NORWALK, Conn. — A $28,000 expenditure would end the “onerous process” citizens face when they attempt to arrange a public event in the City of Norwalk, City Clerk Donna King said last week.
“We have found that in 2019, it is actually ridiculous that we have a paper process like this, and we are aware that there is a better way to do this. Not only are we aware, but the public is aware that there has to be a better way,” King said to Common Council members.
The Council Finance Committee went on to unanimously approve a potential year-long contract to use Eproval special permit software; it will go to the full Council for a vote. Not only would it make life easier for PTO leaders and others who organize events, who would be able to get the necessary sign-offs while sitting at home in their jammies, but it would create a master event calendar on the City website. This would be done through a cloud, but Norwalk would own the data.
There have been multiple Facebook posts complaining about the City’s event permitting process. “I have had numerous parents and community leaders express their unhappiness, stress and disbelief at the process to me this past year,” one Parent Teacher Association (PTA) member wrote in October.
“The goal is to take the pain out of the process, not only for the resident or the applicant, but also on the City side,” Information Technology (IT) Director Karen DelVecchio said Thursday. “There are some events that may require a member of the public to get up to a dozen signatures on a permit, special events permit, and that requires a lot of coordination between departments and communication.”
The search for a better way began last fall, and, “We spent a lot of time going through and looking at what other municipalities had done, how did they address this,” DelVecchio said. Connecticut has a form online that users download, fill out and mail in, but Denver, Colo., and Aurora, Ill., use special permitting software, and “We worked very closely with the vendor. And we were able to negotiate some very good pricing from them.”
Residents will be able to access the forms from wherever they are and won’t have to schlep from one City Hall room to another, a process that King said has justifiably produced “a lot of moaning and groaning” from working folks.
“The signatures will all be done electronically with the workflow behind it,” DelVecchio said. “It’s a much more efficient approach than what we have now. And it does enhance the communication between all the departments, so we don’t have some of the surprises that we’ve had.”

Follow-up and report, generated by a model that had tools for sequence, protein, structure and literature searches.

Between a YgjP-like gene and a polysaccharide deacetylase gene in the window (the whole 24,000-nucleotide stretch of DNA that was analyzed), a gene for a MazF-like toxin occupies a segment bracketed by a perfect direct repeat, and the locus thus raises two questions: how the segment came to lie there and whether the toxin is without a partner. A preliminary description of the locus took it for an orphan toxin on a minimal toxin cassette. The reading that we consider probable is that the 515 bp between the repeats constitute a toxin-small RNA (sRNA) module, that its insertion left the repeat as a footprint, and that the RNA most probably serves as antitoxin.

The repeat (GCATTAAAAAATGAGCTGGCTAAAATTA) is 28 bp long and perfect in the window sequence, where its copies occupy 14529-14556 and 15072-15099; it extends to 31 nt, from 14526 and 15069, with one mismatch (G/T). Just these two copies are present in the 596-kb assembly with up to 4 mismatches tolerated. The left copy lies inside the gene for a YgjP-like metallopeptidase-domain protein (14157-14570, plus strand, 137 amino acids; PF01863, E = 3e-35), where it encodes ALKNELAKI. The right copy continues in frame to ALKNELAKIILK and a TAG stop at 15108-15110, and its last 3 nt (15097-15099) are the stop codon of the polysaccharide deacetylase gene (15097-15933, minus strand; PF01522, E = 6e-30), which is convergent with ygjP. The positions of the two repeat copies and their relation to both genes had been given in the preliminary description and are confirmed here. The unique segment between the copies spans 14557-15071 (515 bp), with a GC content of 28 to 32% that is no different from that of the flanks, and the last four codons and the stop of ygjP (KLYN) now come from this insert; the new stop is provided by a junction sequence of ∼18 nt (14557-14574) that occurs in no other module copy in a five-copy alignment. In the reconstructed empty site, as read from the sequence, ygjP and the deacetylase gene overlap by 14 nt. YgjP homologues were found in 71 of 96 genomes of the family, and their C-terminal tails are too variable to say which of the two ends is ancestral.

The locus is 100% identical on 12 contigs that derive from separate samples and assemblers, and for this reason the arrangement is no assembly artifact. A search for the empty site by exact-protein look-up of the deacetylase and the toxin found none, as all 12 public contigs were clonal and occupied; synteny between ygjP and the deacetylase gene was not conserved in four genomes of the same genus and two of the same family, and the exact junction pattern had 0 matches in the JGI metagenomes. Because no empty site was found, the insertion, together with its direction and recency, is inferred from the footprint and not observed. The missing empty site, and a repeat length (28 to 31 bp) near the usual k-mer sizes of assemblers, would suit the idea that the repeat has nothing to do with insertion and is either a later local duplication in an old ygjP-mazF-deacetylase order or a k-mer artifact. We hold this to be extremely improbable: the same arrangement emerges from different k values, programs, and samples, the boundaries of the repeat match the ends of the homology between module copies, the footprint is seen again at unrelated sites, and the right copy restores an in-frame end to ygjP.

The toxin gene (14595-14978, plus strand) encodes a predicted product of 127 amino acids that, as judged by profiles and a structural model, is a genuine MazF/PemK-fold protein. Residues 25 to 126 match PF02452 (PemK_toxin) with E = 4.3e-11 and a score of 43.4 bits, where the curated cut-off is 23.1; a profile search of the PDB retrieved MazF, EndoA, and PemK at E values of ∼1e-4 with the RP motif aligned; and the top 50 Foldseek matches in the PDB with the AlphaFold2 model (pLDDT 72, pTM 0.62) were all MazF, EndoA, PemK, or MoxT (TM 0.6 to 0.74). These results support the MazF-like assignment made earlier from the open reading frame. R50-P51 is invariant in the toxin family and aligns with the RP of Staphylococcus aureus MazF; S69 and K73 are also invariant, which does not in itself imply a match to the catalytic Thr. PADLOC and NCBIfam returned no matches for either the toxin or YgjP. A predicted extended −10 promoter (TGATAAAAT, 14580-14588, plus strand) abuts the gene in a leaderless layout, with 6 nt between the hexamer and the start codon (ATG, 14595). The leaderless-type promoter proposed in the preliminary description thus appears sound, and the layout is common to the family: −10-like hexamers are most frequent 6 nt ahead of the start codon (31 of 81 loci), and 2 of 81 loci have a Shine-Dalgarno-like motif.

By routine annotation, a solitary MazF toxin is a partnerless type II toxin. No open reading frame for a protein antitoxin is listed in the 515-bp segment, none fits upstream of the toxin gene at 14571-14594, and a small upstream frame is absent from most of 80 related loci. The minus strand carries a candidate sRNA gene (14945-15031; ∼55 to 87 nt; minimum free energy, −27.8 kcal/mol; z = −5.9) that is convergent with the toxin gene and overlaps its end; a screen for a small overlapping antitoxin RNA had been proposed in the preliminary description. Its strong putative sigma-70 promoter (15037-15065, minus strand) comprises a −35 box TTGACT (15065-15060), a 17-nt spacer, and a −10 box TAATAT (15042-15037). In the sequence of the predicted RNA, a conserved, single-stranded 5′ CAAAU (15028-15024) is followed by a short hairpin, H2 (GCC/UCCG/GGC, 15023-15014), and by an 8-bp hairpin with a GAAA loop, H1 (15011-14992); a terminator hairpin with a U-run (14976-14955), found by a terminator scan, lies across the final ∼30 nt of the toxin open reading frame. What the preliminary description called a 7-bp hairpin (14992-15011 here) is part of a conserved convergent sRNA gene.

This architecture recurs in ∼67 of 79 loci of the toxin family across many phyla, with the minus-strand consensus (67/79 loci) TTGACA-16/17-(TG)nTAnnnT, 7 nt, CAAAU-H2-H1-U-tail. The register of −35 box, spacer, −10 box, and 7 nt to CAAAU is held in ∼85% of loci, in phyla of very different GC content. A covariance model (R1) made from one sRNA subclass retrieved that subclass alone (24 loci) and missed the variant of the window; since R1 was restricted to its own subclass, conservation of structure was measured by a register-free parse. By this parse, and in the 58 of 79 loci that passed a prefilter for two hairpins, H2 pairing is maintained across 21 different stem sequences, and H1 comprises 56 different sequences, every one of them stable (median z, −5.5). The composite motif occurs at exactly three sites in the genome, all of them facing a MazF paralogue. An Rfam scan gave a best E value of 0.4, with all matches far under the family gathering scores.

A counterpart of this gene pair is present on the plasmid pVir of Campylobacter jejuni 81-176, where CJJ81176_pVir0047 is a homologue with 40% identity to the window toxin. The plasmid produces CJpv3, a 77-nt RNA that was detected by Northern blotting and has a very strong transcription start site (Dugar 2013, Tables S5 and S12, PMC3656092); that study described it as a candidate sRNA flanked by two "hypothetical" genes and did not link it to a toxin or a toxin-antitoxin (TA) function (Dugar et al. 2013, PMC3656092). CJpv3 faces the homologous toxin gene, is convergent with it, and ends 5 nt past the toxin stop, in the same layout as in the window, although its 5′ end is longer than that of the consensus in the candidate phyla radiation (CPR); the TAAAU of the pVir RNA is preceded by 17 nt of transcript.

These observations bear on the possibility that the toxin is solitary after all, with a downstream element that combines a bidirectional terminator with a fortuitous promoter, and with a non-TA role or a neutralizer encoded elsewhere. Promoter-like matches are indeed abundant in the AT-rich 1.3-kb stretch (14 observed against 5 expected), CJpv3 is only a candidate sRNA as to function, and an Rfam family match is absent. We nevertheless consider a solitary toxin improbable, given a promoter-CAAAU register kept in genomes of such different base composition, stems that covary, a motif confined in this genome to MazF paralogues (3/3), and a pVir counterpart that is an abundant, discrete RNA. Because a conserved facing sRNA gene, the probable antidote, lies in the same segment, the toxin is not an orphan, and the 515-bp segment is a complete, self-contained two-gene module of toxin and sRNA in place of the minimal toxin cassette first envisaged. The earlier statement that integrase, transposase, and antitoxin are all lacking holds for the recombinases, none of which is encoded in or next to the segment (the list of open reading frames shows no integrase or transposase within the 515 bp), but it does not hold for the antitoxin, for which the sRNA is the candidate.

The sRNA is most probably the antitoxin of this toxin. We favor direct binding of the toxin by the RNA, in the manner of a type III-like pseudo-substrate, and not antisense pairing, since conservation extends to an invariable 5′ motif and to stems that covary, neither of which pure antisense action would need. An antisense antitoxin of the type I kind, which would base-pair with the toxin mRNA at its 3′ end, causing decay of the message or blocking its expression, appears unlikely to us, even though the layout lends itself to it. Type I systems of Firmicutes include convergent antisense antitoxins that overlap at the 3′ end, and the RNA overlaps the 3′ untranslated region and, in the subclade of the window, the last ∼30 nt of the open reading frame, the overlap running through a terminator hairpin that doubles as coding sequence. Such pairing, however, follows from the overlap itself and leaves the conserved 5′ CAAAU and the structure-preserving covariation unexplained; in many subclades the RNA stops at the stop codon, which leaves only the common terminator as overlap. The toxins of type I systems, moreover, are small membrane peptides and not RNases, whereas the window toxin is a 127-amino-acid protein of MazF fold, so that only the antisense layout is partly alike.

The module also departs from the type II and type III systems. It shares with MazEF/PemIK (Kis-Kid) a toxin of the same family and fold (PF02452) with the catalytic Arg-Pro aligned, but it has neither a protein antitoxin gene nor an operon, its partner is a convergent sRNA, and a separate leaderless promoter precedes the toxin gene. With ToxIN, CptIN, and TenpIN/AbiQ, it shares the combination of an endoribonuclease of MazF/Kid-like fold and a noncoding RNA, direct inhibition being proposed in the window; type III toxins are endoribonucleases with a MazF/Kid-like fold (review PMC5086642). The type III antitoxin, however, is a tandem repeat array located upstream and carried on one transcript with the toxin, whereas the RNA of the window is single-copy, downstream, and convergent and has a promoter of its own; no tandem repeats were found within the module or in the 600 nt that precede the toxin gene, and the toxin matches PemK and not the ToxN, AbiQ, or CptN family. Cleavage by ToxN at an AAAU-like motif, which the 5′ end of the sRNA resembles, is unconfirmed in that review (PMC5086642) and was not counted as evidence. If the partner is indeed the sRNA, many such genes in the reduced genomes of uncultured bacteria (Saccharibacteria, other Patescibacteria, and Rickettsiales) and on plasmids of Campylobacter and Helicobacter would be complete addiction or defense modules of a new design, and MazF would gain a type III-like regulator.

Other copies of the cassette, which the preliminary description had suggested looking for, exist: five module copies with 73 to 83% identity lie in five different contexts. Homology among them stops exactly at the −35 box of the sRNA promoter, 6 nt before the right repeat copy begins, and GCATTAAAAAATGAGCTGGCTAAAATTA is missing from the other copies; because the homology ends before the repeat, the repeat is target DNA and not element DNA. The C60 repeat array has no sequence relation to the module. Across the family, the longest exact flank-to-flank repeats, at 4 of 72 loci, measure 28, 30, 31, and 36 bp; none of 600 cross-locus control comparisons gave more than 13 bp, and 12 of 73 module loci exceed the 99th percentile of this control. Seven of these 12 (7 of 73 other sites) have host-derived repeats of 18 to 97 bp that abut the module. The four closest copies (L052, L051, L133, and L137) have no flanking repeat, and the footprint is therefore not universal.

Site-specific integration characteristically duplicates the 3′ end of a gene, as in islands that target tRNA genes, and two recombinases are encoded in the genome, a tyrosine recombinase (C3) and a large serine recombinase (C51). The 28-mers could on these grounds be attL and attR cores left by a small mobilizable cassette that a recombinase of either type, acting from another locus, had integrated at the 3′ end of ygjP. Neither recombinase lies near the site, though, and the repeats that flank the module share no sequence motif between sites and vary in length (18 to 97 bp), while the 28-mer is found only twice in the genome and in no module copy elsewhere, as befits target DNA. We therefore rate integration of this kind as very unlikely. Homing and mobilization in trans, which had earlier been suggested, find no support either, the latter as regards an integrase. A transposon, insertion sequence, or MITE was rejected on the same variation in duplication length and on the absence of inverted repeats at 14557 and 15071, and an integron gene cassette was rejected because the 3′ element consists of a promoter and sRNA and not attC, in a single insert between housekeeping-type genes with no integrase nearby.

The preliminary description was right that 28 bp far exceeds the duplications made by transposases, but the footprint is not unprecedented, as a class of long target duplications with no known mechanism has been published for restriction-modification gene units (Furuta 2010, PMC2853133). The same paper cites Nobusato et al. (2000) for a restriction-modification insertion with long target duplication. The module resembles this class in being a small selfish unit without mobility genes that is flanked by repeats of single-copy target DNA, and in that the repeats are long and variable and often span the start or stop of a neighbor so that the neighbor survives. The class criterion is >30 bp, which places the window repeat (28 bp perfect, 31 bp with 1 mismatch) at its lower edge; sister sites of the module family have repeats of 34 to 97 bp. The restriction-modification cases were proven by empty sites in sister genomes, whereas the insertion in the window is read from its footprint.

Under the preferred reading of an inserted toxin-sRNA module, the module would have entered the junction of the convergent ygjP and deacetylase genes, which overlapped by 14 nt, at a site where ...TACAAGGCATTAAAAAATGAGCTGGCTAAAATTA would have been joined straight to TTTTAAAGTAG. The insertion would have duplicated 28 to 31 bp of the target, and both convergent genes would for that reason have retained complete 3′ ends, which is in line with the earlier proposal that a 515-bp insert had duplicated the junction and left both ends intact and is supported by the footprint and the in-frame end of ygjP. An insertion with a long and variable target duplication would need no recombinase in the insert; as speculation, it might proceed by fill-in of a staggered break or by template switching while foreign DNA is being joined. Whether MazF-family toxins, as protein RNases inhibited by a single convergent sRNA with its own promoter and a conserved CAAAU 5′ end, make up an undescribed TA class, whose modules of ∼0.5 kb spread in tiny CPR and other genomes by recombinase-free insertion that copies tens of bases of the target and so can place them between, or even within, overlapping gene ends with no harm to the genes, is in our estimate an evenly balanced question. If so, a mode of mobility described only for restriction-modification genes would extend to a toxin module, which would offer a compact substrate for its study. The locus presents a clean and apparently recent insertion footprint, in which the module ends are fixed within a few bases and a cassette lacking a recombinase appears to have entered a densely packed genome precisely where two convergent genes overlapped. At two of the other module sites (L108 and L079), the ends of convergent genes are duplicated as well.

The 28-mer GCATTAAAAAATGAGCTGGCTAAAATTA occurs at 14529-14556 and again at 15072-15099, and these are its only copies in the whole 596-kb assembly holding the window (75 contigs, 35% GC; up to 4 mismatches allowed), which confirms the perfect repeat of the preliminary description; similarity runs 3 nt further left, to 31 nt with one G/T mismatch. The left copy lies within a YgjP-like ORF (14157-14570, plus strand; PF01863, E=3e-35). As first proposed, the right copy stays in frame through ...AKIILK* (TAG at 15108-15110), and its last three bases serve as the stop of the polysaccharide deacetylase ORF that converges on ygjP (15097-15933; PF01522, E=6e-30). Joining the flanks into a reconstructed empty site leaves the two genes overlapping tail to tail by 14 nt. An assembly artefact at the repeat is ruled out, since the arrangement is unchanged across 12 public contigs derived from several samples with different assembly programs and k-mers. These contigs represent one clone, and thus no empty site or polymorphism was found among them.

Such as, a road being torn up when 400 people show up as part of a road race, because a water main broke in the middle of the night and the Department of Public Works sought to fix the problem, she said.
There are more than 100 events per year in Norwalk, and the software planning effort has identified 17 event types, “everything from the oyster festival, to a church fair to a religious procession to it’s all over the map,” DelVecchio said. If there’s a tent, code enforcement needs to sign off; if there’s hot food, the Health Department needs to be involved; and if there’s music, the noise ordinance is an issue.
“There’s a lot of back-end work that needs to be done for each of the permit types that exist,” and a task force is forming, “not only of city employees, but some of the common permit pullers for like some of the PTO organizations, and perhaps from Rowayton as well, to participate so that we can all put some focus on this and get it up and running,” she said. “I don’t think it’s going to happen before the end of the year, I really don’t.”
Finance Committee Chairman Greg Burnett (D-At Large) asked how the system will differ from the calendar/event system the Norwalk Public Library uses.
“Some of these events do not take place on city property,” DelVecchio said. “…The library doesn’t require you to have a permit, or perhaps an inspection to be able to reserve that room, or insurance…. there are a lot of moving parts to the special events that go on within the city.”
Council member John Igneri (D-District E) asked if similar progress could be made on construction permits.
Norwalk Chief of Economic and Community Development Jessica Casey is working on that, DelVecchio said.
Igneri said he’s gotten many emails complaining the events permitting process and called this a “great step forward.”
“This is a giant baby step. I know that sounds weird, but it is, it’s a giant baby step,” DelVecchio said. “This is the sort of the one permit, I think, that is the most onerous right now within the city. It’s a pain point for the City Clerk’s department, and it’s a pain point for the residents – we really do push them around the entire city and our schedule to try to get this done. For municipalities that have gone to this type of solution, they find that people find it a lot easier to do business with the city. And that actually brings in more special events, which it can be a revenue generator for the city, maybe not just on the $10 we charge for permit, which is ridiculously low, my opinion. But it also you know it, it’s the other kind of revenue that gets generated the restaurant business, the, you know, the taxi cabs, everything else that goes along with it.”